- Related Games:
- Diablo 4
BlizzCon 2019 has come and gone. Going into the show, there was much talk of protest and controversy. Internally at Blizzard, there was undoubtedly talk of a different kind. The company just wanted to avoid last year’s poor showing. There would be no “April Fool’s Joke” moments this time around, not with the one-two punch of Diablo 4 and groundbreaking Overwatch 2. A couple of weeks removed, those up in arms found a new torch to wield, and Blizzard fans have been satiated by the big reveals. And in that process of satiating fans, Blizzard went back to its dark visual style from the first two titles. Even though that is what some have proclaimed to want, it makes the game look like an older product from another time.
Diablo 4 Visuals | Opening Vault 666
Back in November of 2015, Bethesda released Fallout 4 to generally positive buzz. People seemed to like the game well enough when it came out, but it quickly faded into obscurity. Considering the lasting impact of its direct predecessors, this was unfortunate, to say the least. Beyond some repetitive Skyrim-style quests and a strange focus on crafting, one aspect really stuck out: its similarity to its predecessor. It felt like a direct sequel, but it was coming out seven years later rather than two or three. You could see all the little improvements to the Fallout formula, but the bigger problem was that other open-world games had moved on, leaving Fallout 4 as a weird relic even on launch day.
Diablo 4 can relate to this situation. It’s been seven years since Blizzard released Diablo 3. The sequel’s presentation was certainly flashy, but it showed an eerily familiar lack of imagination in terms of where the franchise is going, especially from a visual standpoint. Everyone on stage felt the need to stress how dark this new game would be, how it harkens back to the roots of the series. The style seems to directly reference the Xbox 360 generation, as Sanctuary was overwhelmed by blacks, grays, and every muted shade in between. You just have to look at the gameplay released so far to see it. With monsters bearing a single grey tone, blood and armor blending together, it’s like everything went through the wash one too many times.
Diablo 4 Visuals | The crimson mask
Why would Blizzard do this? Casual fans of the franchise may not remember, but a full decade ago, Diablo‘s art style came under fire. In 2008 (the height of the Xbox 360 era), new sequel Diablo 3 inspired rage for daring to have color in its visuals. Fans released doctored images on what they wanted the game to look like. By all measures, the final product was a success, but you can surely find fans who still say that Diablo 2 is a purer action RPG experience. Blizzard even mocked the controversy in-game with a hidden level filled with rainbows and My Little Pony-style characters.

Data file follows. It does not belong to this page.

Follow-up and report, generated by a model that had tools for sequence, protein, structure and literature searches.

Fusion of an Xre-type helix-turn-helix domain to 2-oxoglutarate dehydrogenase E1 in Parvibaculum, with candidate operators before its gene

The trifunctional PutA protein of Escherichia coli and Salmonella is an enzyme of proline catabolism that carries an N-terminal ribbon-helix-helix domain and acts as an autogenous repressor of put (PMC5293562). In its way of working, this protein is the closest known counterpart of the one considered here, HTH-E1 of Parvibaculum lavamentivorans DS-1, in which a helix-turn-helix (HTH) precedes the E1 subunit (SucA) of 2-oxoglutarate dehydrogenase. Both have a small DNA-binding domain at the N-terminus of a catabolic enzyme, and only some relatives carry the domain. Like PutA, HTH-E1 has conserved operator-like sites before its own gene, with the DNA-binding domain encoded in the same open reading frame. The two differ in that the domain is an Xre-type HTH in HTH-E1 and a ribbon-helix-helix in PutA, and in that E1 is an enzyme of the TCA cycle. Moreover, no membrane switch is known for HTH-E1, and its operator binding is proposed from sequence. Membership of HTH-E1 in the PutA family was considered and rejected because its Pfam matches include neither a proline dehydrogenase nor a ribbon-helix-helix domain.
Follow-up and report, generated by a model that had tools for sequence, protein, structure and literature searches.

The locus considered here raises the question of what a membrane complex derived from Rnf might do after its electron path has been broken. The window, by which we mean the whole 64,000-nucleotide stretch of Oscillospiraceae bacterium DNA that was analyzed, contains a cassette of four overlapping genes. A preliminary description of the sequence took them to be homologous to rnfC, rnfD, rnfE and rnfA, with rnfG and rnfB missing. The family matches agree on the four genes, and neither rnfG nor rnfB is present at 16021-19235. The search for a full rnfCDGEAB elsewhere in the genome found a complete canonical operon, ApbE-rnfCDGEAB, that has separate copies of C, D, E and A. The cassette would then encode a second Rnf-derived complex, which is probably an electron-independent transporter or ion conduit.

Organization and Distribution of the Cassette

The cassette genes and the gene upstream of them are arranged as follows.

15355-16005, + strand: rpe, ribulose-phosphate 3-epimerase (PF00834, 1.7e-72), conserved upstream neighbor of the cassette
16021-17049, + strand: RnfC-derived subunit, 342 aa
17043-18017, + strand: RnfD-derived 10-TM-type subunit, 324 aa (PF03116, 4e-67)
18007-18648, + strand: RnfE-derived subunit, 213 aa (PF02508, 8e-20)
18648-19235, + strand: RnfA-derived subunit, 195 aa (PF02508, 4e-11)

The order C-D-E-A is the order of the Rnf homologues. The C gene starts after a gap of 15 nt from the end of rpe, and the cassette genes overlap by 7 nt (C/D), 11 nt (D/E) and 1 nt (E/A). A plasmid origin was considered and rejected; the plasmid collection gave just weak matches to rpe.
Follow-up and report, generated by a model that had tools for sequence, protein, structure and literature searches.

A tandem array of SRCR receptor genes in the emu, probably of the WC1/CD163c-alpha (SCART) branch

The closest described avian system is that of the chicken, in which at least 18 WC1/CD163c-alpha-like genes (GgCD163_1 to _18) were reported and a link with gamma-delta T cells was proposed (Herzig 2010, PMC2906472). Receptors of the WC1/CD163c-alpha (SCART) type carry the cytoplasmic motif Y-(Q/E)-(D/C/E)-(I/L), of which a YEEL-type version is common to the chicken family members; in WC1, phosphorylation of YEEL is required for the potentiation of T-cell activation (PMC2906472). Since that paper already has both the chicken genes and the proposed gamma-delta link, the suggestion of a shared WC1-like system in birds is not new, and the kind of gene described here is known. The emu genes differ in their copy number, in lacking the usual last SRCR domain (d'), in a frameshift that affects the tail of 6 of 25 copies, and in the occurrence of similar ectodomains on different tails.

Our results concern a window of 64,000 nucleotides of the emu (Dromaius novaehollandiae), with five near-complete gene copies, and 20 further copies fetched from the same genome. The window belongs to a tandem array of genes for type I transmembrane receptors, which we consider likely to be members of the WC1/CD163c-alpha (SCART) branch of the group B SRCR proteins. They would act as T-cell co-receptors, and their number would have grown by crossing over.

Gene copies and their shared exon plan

However, despite mocking the outrage, it seems that it has steered part of the art direction for this new game. Blizzard wants to satisfy this hardcore fan who hated Diablo 3 because it was something different. Much like Bethesda with Fallout 4, they’re looking at criticism from their last release in the franchise and trying to adjust based on that. They don’t want outside influence tainting their vision, and they trust the feedback they got from fans. This is a fine way to do sequels, especially for a rapid-fire franchise like Call of Duty or Assassin‘s Creed. But it gets trickier when it comes to a more slow-paced series like Diablo.
Diablo 4 Visuals | Saturday morning magic
A lot has changed since 2008. Blizzard should know this most of all, as it inspired a lot of current art trends with their own Overwatch. There are still some dark games but many are are full of larger than life characters and fantastical settings. The most popular games in the world are living cartoons, forgoing realism for whimsy at almost every turn, leaving Diablo 4 as a counterbalance to those games in some ways but somewhat dated in others. Some may see this as “strictly for kids,” but these kinds of games stand the test of time more easily. Not only that, but these stylish graphics demand much less from PC hardware, widening the playerbase and saving developers money. It’s almost as if the entire industry finally woke up to what Nintendo has been doing for decades.
Even Doom, its decidedly demonic brother in arms, looks like an Adult Swim special these days, with evocative creature designs and flashy locales that burst off the screen. 2016’s iteration faced a similar backlash for its glory kills, but id stuck to its guns and changed the formula of the shooter franchise for the better. In leaning so heavily on the fact that Diablo 4 is dark and grimy like it was before, Blizzard doesn’t seem as confident. This is a company that wants to please, not an artist moving the needle forward. Why should Diablo go back to this style just to please a mythical group of fans from a decade ago that may not even care about the game at this juncture?
Diablo 4 Visuals | Clash of cataclysms
Hopefully, Diablo 4‘s gameplay is something special, especially with a color palette that seems so stuck in the past and Blizzard has plenty of time to push the title in a more artistically inspired direction. The action RPG market itself is also different now since Diablo 3 came out, now headed by Path of Exile and its recently announced sequel. Blizzard’s new entry has to be something big because it is going up against a free alternative with constant updates, years of content, and plenty of depth in addition to splitting the difference between traditionally Gothic horror and colorful baddies to slay. Diablo 4 looks like a great game, even in its early stage, but it doesn’t quite look like a sequel that’s nearly a decade in the making. In trying to rectify sins from its past, Blizzard may be ignoring the present, creating a game that will only appease gamers with a time machine and a fondness of late ’90s edge.